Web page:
Every year, unintentional injuries are the leading cause of death for children in the United States. According to the CDC, 12,000 kids and teens ages 19 and under die from unintentional injuries caused by burns, drowning, falls, poisoning, and road traffic. An additional 9.2 million visit emergency rooms for nonfatal injuries.
As America grapples with the coronavirus pandemic, many of us have come to realize that safety isn’t all that simple. There’s no question that the shelter in place and stay at home orders adopted by cities, counties, and states across the country have protected our health, but they inevitably impact our mental health and even our physical safety, with all the time our children are spending inside.
I’ve written before about the safety risks for kids that have accompanied social distancing. Parents are juggling an almost unimaginable number of responsibilities, wearing an unimaginable number of metaphorical hats. There’s only so much any of us can do at one time. It’s virtually impossible to work from home and watch our kids—who would ordinarily be outside and supervised for all of the workday—24/7. This is not a time where balance comes easily.
There are numerous safety hazards in the home and backyard, from dangerous toys to pools and trampolines. With those warm summer days almost upon us, it’s important to have a conversation with your kids about bike safety, if you haven’t already.
Safety Behind the Handlebars
There’s nothing quite like learning how to ride a bike. In fact, going for a ride on a breezy summer day instantly transports many adults back to our childhoods. It’s not just enjoyable, it’s good for our health. And in this era of social distancing, as our kids’ schedules have become increasingly unstructured, it’s so important that they have regular outlets for excess energy.
But as with so many of life’s greatest pleasures, a bike ride can quickly become dangerous—sometimes even fatal. According to data from the National Highway Traffic Safety Administration, 857 cyclists died from collisions in 2018. Childhood health experts report an increase in bike accidents since stay at home orders went into effect earlier this spring. It’s vital that our kids understand the risks and that they practice basic safety and awareness. Below are my top tips, based on my decades of experience as a Memphis personal injury lawyer.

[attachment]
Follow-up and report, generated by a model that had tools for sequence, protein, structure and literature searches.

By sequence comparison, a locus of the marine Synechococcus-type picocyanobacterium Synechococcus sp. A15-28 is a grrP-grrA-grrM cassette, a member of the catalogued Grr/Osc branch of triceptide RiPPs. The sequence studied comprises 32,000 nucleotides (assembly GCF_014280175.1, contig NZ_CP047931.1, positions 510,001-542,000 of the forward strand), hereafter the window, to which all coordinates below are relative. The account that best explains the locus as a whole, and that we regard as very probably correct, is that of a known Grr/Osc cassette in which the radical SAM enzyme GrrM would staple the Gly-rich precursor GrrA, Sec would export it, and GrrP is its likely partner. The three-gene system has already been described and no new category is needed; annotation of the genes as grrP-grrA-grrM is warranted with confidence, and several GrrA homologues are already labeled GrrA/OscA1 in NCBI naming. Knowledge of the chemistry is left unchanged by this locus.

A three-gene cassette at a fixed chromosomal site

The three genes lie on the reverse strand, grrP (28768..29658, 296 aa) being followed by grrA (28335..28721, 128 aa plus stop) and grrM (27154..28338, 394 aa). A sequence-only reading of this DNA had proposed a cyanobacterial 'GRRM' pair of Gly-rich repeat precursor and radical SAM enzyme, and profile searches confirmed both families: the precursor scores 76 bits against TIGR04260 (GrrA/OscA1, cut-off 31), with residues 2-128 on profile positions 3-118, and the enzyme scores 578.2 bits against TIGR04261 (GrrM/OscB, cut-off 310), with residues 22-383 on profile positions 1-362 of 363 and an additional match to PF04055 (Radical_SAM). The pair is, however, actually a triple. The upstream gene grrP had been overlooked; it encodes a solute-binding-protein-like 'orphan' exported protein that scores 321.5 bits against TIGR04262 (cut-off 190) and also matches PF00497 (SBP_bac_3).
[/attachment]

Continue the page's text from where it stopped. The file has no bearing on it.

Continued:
Top Tips for Kids Biking Safety
Helmets are anything but optional.
The best way to prevent head injury and death from a cycling accident is by wearing a helmet, which reduces the risk by 85%. But not just any helmet—for actual protection, your child must wear one that properly fits. If the helmet rocks forward, backward, or side to side, be sure to find the right size before going on a ride.
Quick Tip: If your child doesn’t seem particularly excited about putting a helmet on, let them pick one in their favorite color.
The bike has to be the right size, too.
It might be acceptable to buy your children clothes that he or she will grow into, but it’s different when shopping for a bike. Only buy one that’s the right size. If you’re unsure, a quick test is whether or not your kid’s feet touch the ground while seated.
Even after you buy a properly sized bike, it’s important to ensure that it’s in good condition, with working brakes and gears, properly inflated tires, and secure reflectors.
Supervision is key.
I know this might be challenging during our current moment, when parents are already stretched to capacity, but our young cyclists need supervision until they have internalized a good sense of judgment. Limit their biking to sidewalks and paths until they are older and aware of basic traffic rules.
Riding is a daytime activity.
Young kids should not ride in low-visibility conditions, including nighttime or fog. Even when they are older, reflective clothing and other safety gear, including proper lighting, are musts.
Need to contact a Memphis personal injury lawyer?
If you or your child has been injured while riding a bike, you could be entitled to compensation. The best way to find out if you have a case is by contacting an experienced Memphis personal injury lawyer. We can help you figure out your options, at no cost.